Grade level teachers who work together to “analyze student work with the purpose of improving student learning.”

Lesson Mastery

“Refers to how well a student demonstrates that a concept has been comprehended, or performs at a certain level of proficiency”

Metacognition is, put simply, thinking about one’s thinking. More precisely, it refers to the processes used to plan, monitor, and assess one’s understanding and performance. Metacognition includes a critical awareness of a) one’s thinking and learning and b) oneself as a thinker and learner.

Motivational Goal Structure

“The goal structure specifies the ways in which students will interact with each other and the teacher during the instructional session.”

Ie. Cooperative, competitive, or individualistic

Multi-Tiered System of Support (MTSS)

“MTSS is a framework that many schools use to provide targeted support to struggling students. It focuses on the “whole child.” MTSS supports academic growth and achievement, but it also supports many other areas. This includes behavior, social and emotional needs, and absenteeism.”


“Refers to any form of education or teaching that incorporates the histories, texts, values, beliefs, and perspectives of people from different cultural backgrounds. Generally speaking, multicultural education is predicated on the principle of educational equity for all students, regardless of culture, and it strives to remove barriers to educational opportunities and success for students from different cultural backgrounds.”

National Board Certification (NBC)

Considered the “gold standard” of teaching, the NBC “engag[es] teachers in the development of standards for accomplished teaching and in the building of an assessment – National Board Certification – that validly and reliably identifies when a teacher meets those standards.”

“Are what a student is to learn, accomplish, and master.” Must be measurable.

These teachers can multitask several activities smoothly without being sidetracked from, or preoccupied with, one activity or student. These teachers help a student or a group of students, while staying alert for possible disturbances and tending to special needs for certain students when necessary. Students are more likely to stay on task if they perceive that the teacher is aware of what they are doing and can help them when needed.

Positive Behavior Interventions and Support (PBIS)

A three-tiered method to identify and support behaviors in a school setting through positive encouragement of positive behaviors to impact school climate.

Positive Consequences

“What students receive for appropriate behavior.”

Positive Expectations

“The teacher believes in the student. The teacher expects that the student can and will learn.”

“A routine that students do repeatedly without prompting or supervision.”

Professional Development (PD)

the term professional development may be used in reference to a wide variety of specialized training, formal education, or advanced professional learning intended to help administrators, teachers, and other educators improve their professional knowledge, competence, skill, and effectiveness. When the term is used in education contexts without qualification, specific examples, or additional explanation, however, it may be difficult to determine precisely what “professional development” is referring to.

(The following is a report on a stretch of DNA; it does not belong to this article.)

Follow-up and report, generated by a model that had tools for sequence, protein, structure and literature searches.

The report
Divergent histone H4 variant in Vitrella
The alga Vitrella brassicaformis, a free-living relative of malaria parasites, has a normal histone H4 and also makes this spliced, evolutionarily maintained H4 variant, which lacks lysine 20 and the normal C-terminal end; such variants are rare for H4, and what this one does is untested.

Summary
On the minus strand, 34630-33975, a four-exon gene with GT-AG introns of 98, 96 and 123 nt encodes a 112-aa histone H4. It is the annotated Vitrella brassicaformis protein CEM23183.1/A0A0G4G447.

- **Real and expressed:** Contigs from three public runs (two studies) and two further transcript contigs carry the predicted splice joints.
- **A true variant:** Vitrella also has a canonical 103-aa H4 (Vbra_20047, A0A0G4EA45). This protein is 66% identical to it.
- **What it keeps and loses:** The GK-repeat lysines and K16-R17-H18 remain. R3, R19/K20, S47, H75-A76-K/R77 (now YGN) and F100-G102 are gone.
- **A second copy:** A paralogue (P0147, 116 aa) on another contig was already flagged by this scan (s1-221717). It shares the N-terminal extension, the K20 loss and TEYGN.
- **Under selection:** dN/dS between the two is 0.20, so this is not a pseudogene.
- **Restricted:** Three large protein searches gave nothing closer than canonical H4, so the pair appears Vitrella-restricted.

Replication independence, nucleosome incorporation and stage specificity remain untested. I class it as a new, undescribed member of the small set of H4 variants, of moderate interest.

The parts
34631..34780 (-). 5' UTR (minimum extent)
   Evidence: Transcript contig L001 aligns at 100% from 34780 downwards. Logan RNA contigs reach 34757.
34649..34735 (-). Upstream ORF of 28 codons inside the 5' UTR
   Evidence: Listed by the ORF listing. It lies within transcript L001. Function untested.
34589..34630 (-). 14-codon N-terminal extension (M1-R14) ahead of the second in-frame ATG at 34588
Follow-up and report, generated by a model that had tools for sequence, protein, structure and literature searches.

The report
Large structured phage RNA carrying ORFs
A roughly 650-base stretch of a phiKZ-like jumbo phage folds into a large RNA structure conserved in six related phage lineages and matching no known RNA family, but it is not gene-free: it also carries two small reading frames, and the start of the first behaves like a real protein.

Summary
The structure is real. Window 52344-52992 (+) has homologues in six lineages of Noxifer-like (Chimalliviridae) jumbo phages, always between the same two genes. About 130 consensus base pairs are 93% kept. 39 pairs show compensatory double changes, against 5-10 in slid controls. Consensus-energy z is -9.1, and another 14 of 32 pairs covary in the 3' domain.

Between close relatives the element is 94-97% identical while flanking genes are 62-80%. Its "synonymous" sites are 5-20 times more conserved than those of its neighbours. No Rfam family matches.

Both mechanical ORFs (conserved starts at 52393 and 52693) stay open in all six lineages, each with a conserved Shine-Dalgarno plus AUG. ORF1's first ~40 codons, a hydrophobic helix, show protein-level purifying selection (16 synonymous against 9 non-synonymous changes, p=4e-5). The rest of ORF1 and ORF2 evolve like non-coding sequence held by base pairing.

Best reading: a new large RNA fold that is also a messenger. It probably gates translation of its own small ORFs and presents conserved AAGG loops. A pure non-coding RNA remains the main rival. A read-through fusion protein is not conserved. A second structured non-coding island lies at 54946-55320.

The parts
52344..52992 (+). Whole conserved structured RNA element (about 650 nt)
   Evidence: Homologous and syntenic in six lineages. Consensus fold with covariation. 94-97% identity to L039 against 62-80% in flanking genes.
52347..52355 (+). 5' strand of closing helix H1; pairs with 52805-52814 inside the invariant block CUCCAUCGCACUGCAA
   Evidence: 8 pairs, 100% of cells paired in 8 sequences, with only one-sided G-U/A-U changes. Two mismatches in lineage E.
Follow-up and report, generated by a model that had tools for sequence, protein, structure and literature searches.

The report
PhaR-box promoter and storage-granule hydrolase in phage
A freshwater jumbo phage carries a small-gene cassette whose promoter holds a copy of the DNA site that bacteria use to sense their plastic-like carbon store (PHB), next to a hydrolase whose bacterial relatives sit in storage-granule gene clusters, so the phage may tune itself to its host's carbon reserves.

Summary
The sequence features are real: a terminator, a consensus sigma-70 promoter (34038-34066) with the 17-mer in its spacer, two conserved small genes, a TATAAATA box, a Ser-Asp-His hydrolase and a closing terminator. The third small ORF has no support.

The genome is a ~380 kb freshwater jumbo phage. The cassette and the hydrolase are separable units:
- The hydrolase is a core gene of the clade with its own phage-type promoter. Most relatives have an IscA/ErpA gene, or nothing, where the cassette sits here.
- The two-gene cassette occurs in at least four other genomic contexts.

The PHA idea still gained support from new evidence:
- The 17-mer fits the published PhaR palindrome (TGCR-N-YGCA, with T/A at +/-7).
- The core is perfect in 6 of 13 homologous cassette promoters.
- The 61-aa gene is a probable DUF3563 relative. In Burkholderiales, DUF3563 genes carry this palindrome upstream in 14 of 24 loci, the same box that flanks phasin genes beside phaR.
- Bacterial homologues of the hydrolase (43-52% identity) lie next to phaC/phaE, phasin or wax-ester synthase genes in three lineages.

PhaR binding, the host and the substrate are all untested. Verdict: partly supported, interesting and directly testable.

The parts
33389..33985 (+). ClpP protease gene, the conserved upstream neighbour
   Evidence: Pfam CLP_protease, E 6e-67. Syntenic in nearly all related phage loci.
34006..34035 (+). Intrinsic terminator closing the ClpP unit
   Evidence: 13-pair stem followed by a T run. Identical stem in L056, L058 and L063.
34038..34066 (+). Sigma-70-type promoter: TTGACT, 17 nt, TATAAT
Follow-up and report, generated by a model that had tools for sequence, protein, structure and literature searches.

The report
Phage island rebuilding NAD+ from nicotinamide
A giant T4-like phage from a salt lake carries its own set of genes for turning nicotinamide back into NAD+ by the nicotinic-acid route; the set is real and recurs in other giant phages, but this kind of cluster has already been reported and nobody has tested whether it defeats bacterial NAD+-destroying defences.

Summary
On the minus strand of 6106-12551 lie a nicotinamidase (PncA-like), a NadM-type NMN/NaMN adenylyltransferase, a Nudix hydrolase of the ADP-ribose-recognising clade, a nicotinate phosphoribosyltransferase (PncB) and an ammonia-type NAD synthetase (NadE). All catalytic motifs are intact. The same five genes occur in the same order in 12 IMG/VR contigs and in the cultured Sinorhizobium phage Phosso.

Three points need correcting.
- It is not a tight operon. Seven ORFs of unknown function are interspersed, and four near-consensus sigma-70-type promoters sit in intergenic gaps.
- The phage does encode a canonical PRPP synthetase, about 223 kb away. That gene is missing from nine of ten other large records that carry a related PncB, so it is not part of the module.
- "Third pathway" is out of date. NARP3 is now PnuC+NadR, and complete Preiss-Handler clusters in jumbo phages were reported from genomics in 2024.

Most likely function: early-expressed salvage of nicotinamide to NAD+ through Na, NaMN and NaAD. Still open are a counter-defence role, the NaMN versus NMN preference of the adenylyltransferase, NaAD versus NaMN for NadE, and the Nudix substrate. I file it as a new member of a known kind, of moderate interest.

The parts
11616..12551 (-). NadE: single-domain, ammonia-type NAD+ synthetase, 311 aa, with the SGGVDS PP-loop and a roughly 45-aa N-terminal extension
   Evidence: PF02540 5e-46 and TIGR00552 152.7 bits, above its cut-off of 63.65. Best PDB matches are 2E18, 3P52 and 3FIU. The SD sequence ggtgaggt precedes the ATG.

Professional learning is the key component to improving educator practice and providing new perspectives on an ever-changing profession. professional learning should resemble a variety of unique threads that make up the fabric of an educator’s professional career.

“1) proficiency levels, scales, and cut-off scores on standardized tests and other forms of assessment, (2) students achieving or failing to achieve proficiency levels determined by tests and assessments, (3) students demonstrating or failing to demonstrate proficiency in relation to learning standards (for a related discussion, see proficiency-based learning); and (4) teachers being deemed proficient or non-proficient on job-performance evaluations.”

Project Based Learning (PBL)

Project Based Learning (PBL) is a teaching method in which students learn by actively engaging in real-world and personally meaningful projects.

Response to Intervention (RTI)

“With RTI, schools identify students at risk for poor learning outcomes, monitor student progress, provide evidence-based interventions and adjust the intensity and nature of those interventions depending on a student’s responsiveness, and identify students with learning disabilities or other disabilities.”

“A well-rehearsed response to a teacher’s directive.”

Serves as an assessment of subject matter, behavior, organization for students to know “how they will be measured and how to measure themselves.”

Rubric Criteria

“The category or trait that will be assessed.”

Rubric Performance Expected

“Definitions and examples of performance levels with point values so students can see what they need to do to raise their own work and make progress.”

Rubric Point Value

“The most common numerical range of performance level of 1 to 4, with No Score (NS) instead of zero.”

“What students are expected to follow.”

“Refers to a variety of instructional techniques used to move students progressively toward stronger understanding and, ultimately, greater independence in the learning process.”

Is typically an individual hired to advise a school on how to improve its academic program, instructional effectiveness, and student performance. While a school coach acts much like a consultant, the use of the term “coach” is usually intentional—i.e., it’s meant to distinguish the school coach’s role from those of other professional educational consultants.